The Light from the TV Shows: The Cast of “The Middle”and Their 10 Favorite Episodes

When it comes to this column, I don’t tend to do a lot of cross-promotional tie-in pieces, but I’m going to make an exception this time because it’s for a show that I have vowed to do as much to promote and to help raise its profile as I possibly can: ABC’s “The Middle.”


Given that the sitcom was just renewed for its fifth season, it’s hard to call it anything other than a success, and yet I’m still reminded of something Mark Harmon said about “NCIS” back in 2011: “If it’s possible for a No. 1 show to be still be under the radar, then we’re still under the radar.” That’s kind of where “The Middle” stands, if you ask me…or if you ask just about anyone who who’s involved with the show, for that matter: they know they’re doing good work, the viewers know they’re doing good work, the critics definitely know they’re doing good work, and yet as of this writing “The Middle” has only received one Emmy nod to date (for makeup, of all things). That’s just ridiculous…and that’s why, over at the Onion AV Club, I pulled together a TV Club 10 list of the 10 episodes of “The Middle” which best represent the series and reveal what makes it such a pleasure to watch week after week.

Image ALT text goes here.

Then, in conjunction with that piece, I thought it might also be interesting to reach out to the cast of the series and see which 10 episodes were their favorites. Not everyone was readily available to contribute, unfortunately, but three out of five ain’t bad, so don’t be afraid to express your gratitude to Patricia Heaton (Frankie Heck), Neil Flynn (Mike Heck), and Eden Sher (Sue Heck) in the comments for offering up their picks.

In closing, I’d just like to say – and I think you’ll probably agree – that there is something so incredibly right about the fact that Eden Sher described the opportunity to select her top-10 episodes as “way too much fun” and then proved it by writing a full paragraph about each one. No actor wants to be told that they’re “just like their character,” but there’s just enough Sue Heck in Eden Sher to make her one of the sweetest and most contagiously enthusiastic young actresses on network TV…but, then, if you read my interview with her a few months ago, then you already know that.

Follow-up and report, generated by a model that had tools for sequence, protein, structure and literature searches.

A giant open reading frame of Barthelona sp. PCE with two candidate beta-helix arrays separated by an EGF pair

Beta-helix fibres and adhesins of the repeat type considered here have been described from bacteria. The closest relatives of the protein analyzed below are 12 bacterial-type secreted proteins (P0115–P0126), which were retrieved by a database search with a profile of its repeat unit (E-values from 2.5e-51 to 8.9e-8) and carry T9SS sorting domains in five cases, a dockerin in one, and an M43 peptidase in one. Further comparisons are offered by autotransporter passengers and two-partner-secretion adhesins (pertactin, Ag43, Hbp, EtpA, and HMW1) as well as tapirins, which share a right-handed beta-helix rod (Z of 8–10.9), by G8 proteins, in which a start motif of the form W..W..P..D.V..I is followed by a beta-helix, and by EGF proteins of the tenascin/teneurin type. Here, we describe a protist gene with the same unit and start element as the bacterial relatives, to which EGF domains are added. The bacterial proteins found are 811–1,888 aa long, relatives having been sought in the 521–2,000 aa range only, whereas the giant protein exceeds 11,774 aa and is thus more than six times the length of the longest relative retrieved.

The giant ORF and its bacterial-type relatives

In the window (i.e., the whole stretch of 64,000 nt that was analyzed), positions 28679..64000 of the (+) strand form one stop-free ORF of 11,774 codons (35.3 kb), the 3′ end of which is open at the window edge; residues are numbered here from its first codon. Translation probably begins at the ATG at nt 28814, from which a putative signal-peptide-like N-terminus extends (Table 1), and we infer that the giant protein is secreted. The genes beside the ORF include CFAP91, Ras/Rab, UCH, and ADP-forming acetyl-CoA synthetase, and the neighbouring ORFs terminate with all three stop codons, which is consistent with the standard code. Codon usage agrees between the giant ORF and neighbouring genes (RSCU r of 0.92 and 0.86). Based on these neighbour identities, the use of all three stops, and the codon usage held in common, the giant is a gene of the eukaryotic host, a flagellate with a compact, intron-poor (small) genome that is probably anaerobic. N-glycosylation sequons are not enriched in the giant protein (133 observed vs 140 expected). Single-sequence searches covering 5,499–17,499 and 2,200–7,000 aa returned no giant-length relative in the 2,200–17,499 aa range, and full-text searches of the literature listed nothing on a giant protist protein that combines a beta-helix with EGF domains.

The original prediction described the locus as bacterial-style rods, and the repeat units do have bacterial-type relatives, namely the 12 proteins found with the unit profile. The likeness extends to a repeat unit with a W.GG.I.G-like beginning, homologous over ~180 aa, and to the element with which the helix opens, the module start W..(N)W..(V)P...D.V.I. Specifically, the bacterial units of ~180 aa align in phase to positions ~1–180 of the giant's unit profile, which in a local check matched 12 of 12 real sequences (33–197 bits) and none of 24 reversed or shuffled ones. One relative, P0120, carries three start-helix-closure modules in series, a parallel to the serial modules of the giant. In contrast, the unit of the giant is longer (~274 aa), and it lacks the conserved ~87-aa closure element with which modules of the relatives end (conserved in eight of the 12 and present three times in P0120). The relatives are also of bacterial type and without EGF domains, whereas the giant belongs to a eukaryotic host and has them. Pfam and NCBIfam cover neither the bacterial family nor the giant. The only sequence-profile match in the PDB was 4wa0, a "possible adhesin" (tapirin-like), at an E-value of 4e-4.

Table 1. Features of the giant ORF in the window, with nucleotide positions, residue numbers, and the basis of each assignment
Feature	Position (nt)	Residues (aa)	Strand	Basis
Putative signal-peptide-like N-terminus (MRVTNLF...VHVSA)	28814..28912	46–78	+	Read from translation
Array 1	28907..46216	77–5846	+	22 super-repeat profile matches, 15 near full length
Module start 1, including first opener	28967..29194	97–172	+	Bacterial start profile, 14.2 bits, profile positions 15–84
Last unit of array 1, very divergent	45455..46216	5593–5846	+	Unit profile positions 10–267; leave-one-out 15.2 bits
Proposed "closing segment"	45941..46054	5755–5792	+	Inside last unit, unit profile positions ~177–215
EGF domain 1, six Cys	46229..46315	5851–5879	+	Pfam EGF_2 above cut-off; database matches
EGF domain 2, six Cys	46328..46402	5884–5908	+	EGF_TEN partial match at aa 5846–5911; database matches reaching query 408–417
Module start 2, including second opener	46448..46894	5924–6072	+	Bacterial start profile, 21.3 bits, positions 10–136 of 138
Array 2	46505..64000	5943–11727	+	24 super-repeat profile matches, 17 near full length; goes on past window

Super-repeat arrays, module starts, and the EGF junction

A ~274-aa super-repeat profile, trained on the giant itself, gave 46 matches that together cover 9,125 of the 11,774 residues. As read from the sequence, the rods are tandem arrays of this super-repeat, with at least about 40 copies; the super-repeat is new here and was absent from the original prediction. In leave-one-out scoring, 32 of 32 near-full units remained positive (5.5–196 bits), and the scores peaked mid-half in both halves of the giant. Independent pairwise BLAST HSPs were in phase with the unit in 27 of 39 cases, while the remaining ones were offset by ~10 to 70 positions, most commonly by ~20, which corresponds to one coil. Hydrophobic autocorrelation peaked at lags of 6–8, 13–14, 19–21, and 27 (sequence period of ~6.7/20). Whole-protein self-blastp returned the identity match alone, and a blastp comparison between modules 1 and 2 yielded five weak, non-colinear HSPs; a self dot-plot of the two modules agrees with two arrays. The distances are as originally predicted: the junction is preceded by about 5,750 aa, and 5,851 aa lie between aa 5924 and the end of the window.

And, now, on with the lists!



1. “Average Rules” (season one, episode 24)

Patricia Heaton: Fun episode for the family, and Betty White guest starred. Enough said!

2. “Foreign Exchange” (season two, episode five)

PH: This was based on a true life experience of mine.

3. “Errand Boy” (season two, episode eight):

PH: Brick/Frankie funny episode about Mother/son relationship. Who doesn’t want to run errands with their Mom?

4. “Taking Back the House” (season two, episode 11)

PH: Fun episode about Frankie and Mike being rebellious parents.

5. “Hecks on a Plane” (season two, episode 16)

PH: The Hecks get the heck out of Orson.


6. “Mother’s Day II” (season two, episode 21)

PH: The Mother’s Day gift of Frankie having a day to herself turns out to be disastrous and hilarious.

7. “Major Changes” (season three, episode four)

PH: Frankie runs away from home and spends time with her Mom.

8. “The Map” (season three, episode 13)

PH: Hilarious. I laughed out loud when I read the script.

9. “Second Act” (season four, episode three)

PH: Frankie contemplates a new career. What working mother hasn’t?

10. “The Friend” (season four, episode 13)

PH: Everyone loved the “Fame” dance.




1. “The Block Party” (season one, episode five)

Neil Flynn: Brick tries playing on a basketball team.

2. “Thanksgiving” (season one, episode eight)

NF: We meet Sue’s boyfriend, Brad.

3. “Siblings” (season one, episode 9)

NF: The family plays football in the street, and Aunt Edie works at the quarry.

4. “The Break Up” (season one, episode 17)

NF: Axl is hurt by a break-up, he cries as Frankie consoles him.

5. “The Legacy” (season two, episode 19)

NF: Frankie plays a tape of Mike crying on the phone.


6. “Back to Summer” (season two, episode 24)

NF: Sue graduates middle school.

7. “The Map” (season three, episode 13)

NF: Car ride home from Aunt’s funeral. It was a long opening scene in the car.

8. “The Wedding” (season three, episode 24)

NF: Brother Rusty’s wedding.

9. “Bunny Therapy” (season four, episode four)

NF: The killer rabbit is loose in the kitchen.

10. “Twenty Years” (season four, episode 10)

NF: The kids plan an anniversary party, but Sue does all the work. The kids were all great in this one.




1. “Pilot” (season one, episode one)

Eden Sher: Beginnings are always the most exhilarating. Doing a pilot is an adrenaline junkie / Big Time Feeler’s dream; you’re excited and fearful and hopeful and nostalgic for the immediate past when it’s done because there is a chance you might never see these people again. And it’s so gratifying to see to fruition the actions you imagined would follow the words you read SO many times during the audition process. I’m pretty sure I read those sides a total of 9 times. It’s crazy to me that the people I met during the pilot are the same people I’m so close with now. CHEESEBALL WARNING: I’m so grateful for this experience and knew even then that we were all going to be a part of something beautiful and special. Except the braces. The braces during the pilot were hella cheap and uncomfortable. Also they were my own, so I had to be responsible for them, as opposed to the makeup department now. Way too much responsibility for an actor as flighty as myself.

2. “The Trip” (season one, episode four)